Cover

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Title Page, Copyright

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pp. i-iv

Table of Contents

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pp. v-vii

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Translator’s Note

Ferdinanda Van Gennip

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p. ix

A few points of clarification regarding the style and terminology used in this book may be useful. While the lack of inclusive language may offend some, it was felt that in a work of historiography such as this, it would be too jarring to translate, for example, les hommes as “men and women...

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Preface

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pp. xi-xiv

In 2004, when this book was originally published, the historiographical debates surrounding the ideology of Abbé Lionel Groulx (1878–1967) were once again heating up. As French Canada’s most influential nationalist intellectual from the 1920s to the 1950s, the interest Groulx has elicited over...

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Introduction

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pp. 1-11

“The dominant fact about French life in America, during the past century, is without a doubt that it became dispersed. French Canada can no longer be defined as a geographical expression limited by the borders of Québec.”1 Those were the parameters used by Lionel Groulx...

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Chapter One. The French Minorities in the Work and Thought of Lionel Groulx: The Blind Spot of Historians of French-Canadian Nationalism

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pp. 13-50

The French-Canadian national identity issue is one that historians rarely seem to tire of. There is in our historiography—from François-Xavier Garneau to Gérard Bouchard, including Fernand Dumont and, of course, Lionel Groulx—a tradition which, despite different...

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Chapter Two. The French Minorities, Remnant of an Empire: French Canada, Its Apostolic Vocation and Founding Mission

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pp. 51-94

We have observed, in the preceding chapter, that the vast majority of historians of French-Canadian nationalism and of Lionel Groulx’s thought tend to ignore the issue of the French minorities. The theory of “provincialism,” first proposed in the 1950s, has only in the last twenty years...

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Chapter Three. Québec and Its Relationship to the French Minorities: The Ties That Bind

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pp. 95-131

Lionel Groulx regarded the French-Canadian nation as an organic entity or a “being” whose emergence, willed by Providence, dated back to the era of New France. As such, the national organism continued to evolve, grow and develop. Groulx’s view was that the English...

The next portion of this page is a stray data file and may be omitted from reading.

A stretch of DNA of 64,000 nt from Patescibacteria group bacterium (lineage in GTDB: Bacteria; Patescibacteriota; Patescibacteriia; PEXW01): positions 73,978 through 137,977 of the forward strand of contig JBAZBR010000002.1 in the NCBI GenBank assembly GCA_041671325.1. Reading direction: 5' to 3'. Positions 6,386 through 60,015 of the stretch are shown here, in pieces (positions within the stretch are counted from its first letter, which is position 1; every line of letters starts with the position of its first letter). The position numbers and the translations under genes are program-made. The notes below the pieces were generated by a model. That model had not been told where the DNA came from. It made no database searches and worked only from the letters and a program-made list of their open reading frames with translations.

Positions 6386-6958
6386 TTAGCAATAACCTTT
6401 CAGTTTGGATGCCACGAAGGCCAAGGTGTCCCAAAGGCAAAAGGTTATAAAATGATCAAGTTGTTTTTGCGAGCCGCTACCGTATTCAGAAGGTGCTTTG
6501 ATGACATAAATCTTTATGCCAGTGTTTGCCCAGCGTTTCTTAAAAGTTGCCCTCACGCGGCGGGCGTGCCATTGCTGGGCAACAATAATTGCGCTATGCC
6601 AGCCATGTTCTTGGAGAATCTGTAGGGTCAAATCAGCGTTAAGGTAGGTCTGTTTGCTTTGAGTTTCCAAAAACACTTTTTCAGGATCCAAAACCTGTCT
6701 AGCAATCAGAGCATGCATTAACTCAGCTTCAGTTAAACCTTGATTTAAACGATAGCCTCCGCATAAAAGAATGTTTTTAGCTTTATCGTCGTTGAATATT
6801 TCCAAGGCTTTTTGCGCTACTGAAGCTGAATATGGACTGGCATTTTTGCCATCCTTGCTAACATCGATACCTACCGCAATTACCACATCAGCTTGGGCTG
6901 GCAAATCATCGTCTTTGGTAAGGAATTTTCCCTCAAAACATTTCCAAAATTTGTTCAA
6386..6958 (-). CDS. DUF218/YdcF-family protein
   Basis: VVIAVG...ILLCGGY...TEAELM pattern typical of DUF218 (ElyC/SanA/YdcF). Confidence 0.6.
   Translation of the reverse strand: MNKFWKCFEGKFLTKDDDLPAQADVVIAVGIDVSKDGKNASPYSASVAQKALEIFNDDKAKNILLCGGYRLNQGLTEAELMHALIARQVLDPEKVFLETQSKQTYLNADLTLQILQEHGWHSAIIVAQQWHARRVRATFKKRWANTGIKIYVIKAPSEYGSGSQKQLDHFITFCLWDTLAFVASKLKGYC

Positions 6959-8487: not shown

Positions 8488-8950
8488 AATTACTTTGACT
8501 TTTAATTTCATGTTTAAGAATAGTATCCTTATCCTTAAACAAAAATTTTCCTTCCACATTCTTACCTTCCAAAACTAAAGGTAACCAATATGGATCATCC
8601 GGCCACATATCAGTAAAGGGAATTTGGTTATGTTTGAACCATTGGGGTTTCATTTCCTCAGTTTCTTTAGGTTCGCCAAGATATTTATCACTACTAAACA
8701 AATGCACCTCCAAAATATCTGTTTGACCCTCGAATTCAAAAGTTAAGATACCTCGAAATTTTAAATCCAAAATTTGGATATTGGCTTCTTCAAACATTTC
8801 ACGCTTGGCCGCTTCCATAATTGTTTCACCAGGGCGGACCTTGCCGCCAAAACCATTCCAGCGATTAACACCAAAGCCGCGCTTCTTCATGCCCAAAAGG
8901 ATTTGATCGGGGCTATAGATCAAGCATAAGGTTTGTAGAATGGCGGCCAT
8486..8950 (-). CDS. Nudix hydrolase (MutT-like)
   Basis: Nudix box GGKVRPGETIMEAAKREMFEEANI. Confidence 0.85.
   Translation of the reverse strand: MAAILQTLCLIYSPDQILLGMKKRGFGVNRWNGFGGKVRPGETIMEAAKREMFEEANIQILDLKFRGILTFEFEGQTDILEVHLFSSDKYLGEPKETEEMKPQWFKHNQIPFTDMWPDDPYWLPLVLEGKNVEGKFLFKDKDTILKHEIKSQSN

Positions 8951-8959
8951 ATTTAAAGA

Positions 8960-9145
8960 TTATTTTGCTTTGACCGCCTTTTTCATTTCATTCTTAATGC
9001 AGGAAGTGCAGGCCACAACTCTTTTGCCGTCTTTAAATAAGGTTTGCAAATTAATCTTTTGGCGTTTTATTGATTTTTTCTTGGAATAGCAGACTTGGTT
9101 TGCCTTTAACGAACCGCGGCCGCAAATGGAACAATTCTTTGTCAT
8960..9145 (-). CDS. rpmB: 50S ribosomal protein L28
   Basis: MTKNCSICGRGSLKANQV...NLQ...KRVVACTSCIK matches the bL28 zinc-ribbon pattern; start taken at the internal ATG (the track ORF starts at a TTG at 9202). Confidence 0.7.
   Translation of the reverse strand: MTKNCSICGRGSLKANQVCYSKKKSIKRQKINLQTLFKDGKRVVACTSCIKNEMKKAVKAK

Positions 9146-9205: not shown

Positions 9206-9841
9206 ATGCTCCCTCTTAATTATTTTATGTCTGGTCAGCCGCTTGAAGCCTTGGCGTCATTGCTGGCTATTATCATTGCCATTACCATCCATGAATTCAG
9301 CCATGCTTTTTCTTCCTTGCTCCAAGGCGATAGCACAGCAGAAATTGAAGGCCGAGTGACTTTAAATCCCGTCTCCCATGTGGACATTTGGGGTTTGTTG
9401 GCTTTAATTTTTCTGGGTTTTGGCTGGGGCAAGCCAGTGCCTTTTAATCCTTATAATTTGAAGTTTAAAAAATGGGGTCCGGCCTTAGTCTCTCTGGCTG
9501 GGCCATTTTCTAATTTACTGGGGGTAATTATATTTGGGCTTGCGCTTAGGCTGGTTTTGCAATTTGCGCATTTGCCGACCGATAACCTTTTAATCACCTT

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Chapter Four. The Franco-Ontarians and Regulation 17: The Awakening of the Nation The Awakening of the Nation

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pp. 133-178

The Regulation 17 crisis (1912–1927) is considered even today as a foundational event for the Franco-Ontarian1 identity. In fact, it was during those years of conflict that some of the most important Franco-Ontarian institutions were born, the Association canadienne-française d’éducation...

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Chapter Five. The French Minorities and the “French State”: The Indépendantiste Theory During the Interwar Period

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pp. 179-208

To what extent did Abbé Groulx contribute to pushing the French-Canadian nationalist movement toward indépendantisme or, at least, a more territorial version of nationalism that limited itself to Québec and excluded the French minorities in the other provinces? The minorities, as we have demonstrated...

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Chapter Six. From the Second World War to the Quiet Revolution: Lionel Groulx, the French Minorities and Québécois Neo‑Nationalism (1945–1967)

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pp. 209-250

Historians of French Canada generally consider the postwar years as a period of extraordinary transformation. Impelled by the young intellectuals of the 1940s and 1950s, the nationalist movement sought to “modernize” the French-Canadian nation. It wanted to see the nation reconciled...

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Conclusion

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pp. 251-258

The political and ideological upheavals of the postwar period and the Quiet Revolution in Quebec, provoked a mixed reaction from Lionel Groulx. On the one hand, he applauded the ever-increasing numbers in the French-Canadian political class supporting nationalism (especially...

Selected Bibliography

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pp. 259-270

Index

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pp. 271-277